I guess I could post the original text file in a thread here if anyone would like to discuss it further?
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  #9  
Old 2008-12-15, 08:43 PM
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Re: tape transferring

a simple way to start out without buying much:
plug the tape deck into the mic jack
with an RCA-1/8 inch Y adapter
and use EAC to record the playback
then Nero WAV Editor to split your tracks
as well as basic fades and edits, etc.
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  #10  
Old 2008-12-15, 10:44 PM
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Audioarchivist Audioarchivist is offline
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Re: tape transferring

Quote:
Originally Posted by rocknroll View Post
a simple way to start out without buying much:
plug the tape deck into the mic jack
with an RCA-1/8 inch Y adapter
and use EAC to record the playback
then Nero WAV Editor to split your tracks
as well as basic fades and edits, etc.
Not into the mic jack, the line in jack! Mic in expects a totally different level signal, and is usually mono in.
Does EAC do recording? I don't think so...
Try Audacity to record in and split tracks. It's free.
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- Dr. Hunter S. Thompson (1937-2005)
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  #11  
Old 2008-12-16, 03:16 AM
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desiderus desiderus is offline
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Re: tape transferring

I might be able to get a soundcard for a decent price, it's the VSL2020 Steinberg.

Specs:

32 ADAT channels - 2 optical ADAT I/O with S/MUX support
S/PDIF I/O - supports AES/EBU and consumer S/PDIF
Analog I/O - unbalanced (-10dBV) Stereo RCA I/O
SuperClock (FS 256) and WordClock I/O with BNC connector
Standard MIDI 5-pole I/O
24 Bit with 32, 44.1, 48, 88.2 or 96 kHz



I guess this one shouls be good enough to make decent transfers? I'd really like to start this project with some proper gear. I've been looking for some other sollutions as well, like working with the line in jack, but I think I 'll be able to get a much better quality using a soundcard mentioned above.

ps: jamroom, I'd like to see that txt file
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  #12  
Old 2008-12-16, 03:57 AM
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Audioarchivist Audioarchivist is offline
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Re: tape transferring

Unless you're going to hook up to some adat 8 track digital stuff, that soundcard is, well its nice, but how much? You're still going to go in line in from a cassette deck's line out. All that other stuff is cool if you're going to use your computer for multitrack studio recording with an adat or something, but, well, I dunno.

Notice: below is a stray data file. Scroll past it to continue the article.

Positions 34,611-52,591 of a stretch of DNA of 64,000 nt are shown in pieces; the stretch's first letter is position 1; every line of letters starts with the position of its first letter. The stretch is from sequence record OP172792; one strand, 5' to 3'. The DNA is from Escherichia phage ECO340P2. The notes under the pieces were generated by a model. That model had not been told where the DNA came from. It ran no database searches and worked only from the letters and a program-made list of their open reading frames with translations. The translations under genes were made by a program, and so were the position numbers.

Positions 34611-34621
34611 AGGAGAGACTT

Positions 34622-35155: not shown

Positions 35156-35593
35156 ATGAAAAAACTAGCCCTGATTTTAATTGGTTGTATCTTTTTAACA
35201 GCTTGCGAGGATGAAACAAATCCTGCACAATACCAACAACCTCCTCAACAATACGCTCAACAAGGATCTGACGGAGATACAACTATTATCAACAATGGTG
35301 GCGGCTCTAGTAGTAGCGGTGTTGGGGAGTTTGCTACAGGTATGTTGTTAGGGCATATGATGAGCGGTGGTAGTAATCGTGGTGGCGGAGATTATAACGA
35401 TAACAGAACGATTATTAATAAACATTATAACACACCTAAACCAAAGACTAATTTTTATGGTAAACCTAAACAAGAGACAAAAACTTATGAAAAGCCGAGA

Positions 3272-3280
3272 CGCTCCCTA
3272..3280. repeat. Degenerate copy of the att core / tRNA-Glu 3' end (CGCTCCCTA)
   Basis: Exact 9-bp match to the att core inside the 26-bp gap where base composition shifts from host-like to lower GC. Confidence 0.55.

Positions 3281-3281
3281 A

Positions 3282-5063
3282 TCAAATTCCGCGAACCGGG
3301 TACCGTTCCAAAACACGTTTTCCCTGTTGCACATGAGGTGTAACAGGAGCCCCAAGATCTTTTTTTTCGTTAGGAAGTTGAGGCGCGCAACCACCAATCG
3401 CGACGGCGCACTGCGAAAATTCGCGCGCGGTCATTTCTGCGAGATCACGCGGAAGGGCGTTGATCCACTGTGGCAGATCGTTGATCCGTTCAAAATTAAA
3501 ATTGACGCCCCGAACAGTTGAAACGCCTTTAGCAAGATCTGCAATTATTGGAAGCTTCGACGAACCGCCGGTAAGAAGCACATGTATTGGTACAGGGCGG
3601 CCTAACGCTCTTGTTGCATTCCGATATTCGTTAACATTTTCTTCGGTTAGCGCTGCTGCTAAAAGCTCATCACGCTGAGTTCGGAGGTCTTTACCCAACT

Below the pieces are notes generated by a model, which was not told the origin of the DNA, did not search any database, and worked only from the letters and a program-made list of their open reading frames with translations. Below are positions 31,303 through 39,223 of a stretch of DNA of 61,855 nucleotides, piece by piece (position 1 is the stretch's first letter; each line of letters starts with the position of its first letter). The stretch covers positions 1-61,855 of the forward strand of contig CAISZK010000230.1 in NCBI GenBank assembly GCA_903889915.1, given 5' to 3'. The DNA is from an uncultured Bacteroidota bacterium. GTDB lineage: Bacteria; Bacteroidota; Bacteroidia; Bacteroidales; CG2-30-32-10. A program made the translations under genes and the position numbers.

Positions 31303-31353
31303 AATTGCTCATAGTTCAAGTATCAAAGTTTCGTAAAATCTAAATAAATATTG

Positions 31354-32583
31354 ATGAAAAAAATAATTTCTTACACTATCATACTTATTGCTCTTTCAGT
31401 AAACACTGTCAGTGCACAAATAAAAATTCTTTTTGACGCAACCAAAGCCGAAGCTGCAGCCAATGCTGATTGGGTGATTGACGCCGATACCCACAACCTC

That cassette deck you linked to is alright as long as it's not too worn out already, and of course make sure you can remove the door to get access to the tape head to adjust the azimuth while the tape plays.

I would bet there's better alternatives for sound cards than that one. I'd look into an external stereo sound usb interface of some kind.
__________________
"The music business is a cruel and shallow money trench, a long plastic hallway where thieves and pimps run free, and good men die like dogs. There's also a negative side."
- Dr. Hunter S. Thompson (1937-2005)
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  #13  
Old 2008-12-16, 10:00 AM
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desiderus desiderus is offline
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Re: tape transferring

Quote:
Originally Posted by Audioarchivist View Post
Unless you're going to hook up to some adat 8 track digital stuff, that soundcard is, well its nice, but how much? You're still going to go in line in from a cassette deck's line out. All that other stuff is cool if you're going to use your computer for multitrack studio recording with an adat or something, but, well, I dunno.
I can get the soundcard for 40,- euro from an friend who bought a new one because this on doesn't work with windows vista, that why I thought it might be an interesting card to buy.
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  #14  
Old 2008-12-16, 01:08 PM
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jamroom jamroom is offline
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Re: tape transferring

Right-o! Here goes. For what it's worth, the following was a text file in a small torrent that was posted on Dime back in May 2006. There was much debate on the thread, especially on the computer interface (quality of soundcard, noise, etc). Feel free to have another debate here.
*********************************************************************************************

TUNE IN YOUR TAPES PRIOR TO DIGITZATION!!
A Play
By Lars A Ekland

There are at least three things you have to know if you want to commit your analog cassette tapes to a digital medium with an intent to share. Well, maybe like four, or five - I dunno, six, seven, ALRIGHT there are too many to mention. So I'll only talk about the most important ones. Yes and the unimportant ones too. Alright settle in the show is about to start:

50 year old Man with ENORMOUS tape collection walks through the front door with his new audio software in one hand and his to-do list in another:

#1. Install audio software on your home computer (like SoundForge, Cool Edit, Adobe etc. Even Nero has one now - i think)

#2. Hook the tape deck up to your computer
a.find the sound mixer
b.get good levels and
c.test test test test test!!

#3. Playback with Dolby OFF and bias to normal (regardless of the type - just do it.)

#4. DON'T THROW AWAY YOUR ANALOG TAPES ONCE YOU COMMIT THEM TO A DIGITAL MEDIUM!

#5. _________

OUR MAN IS PACING THE FLOOR - WHILE THINKING, HE PUTS ON A TAPE TO CALM HIS NERVES: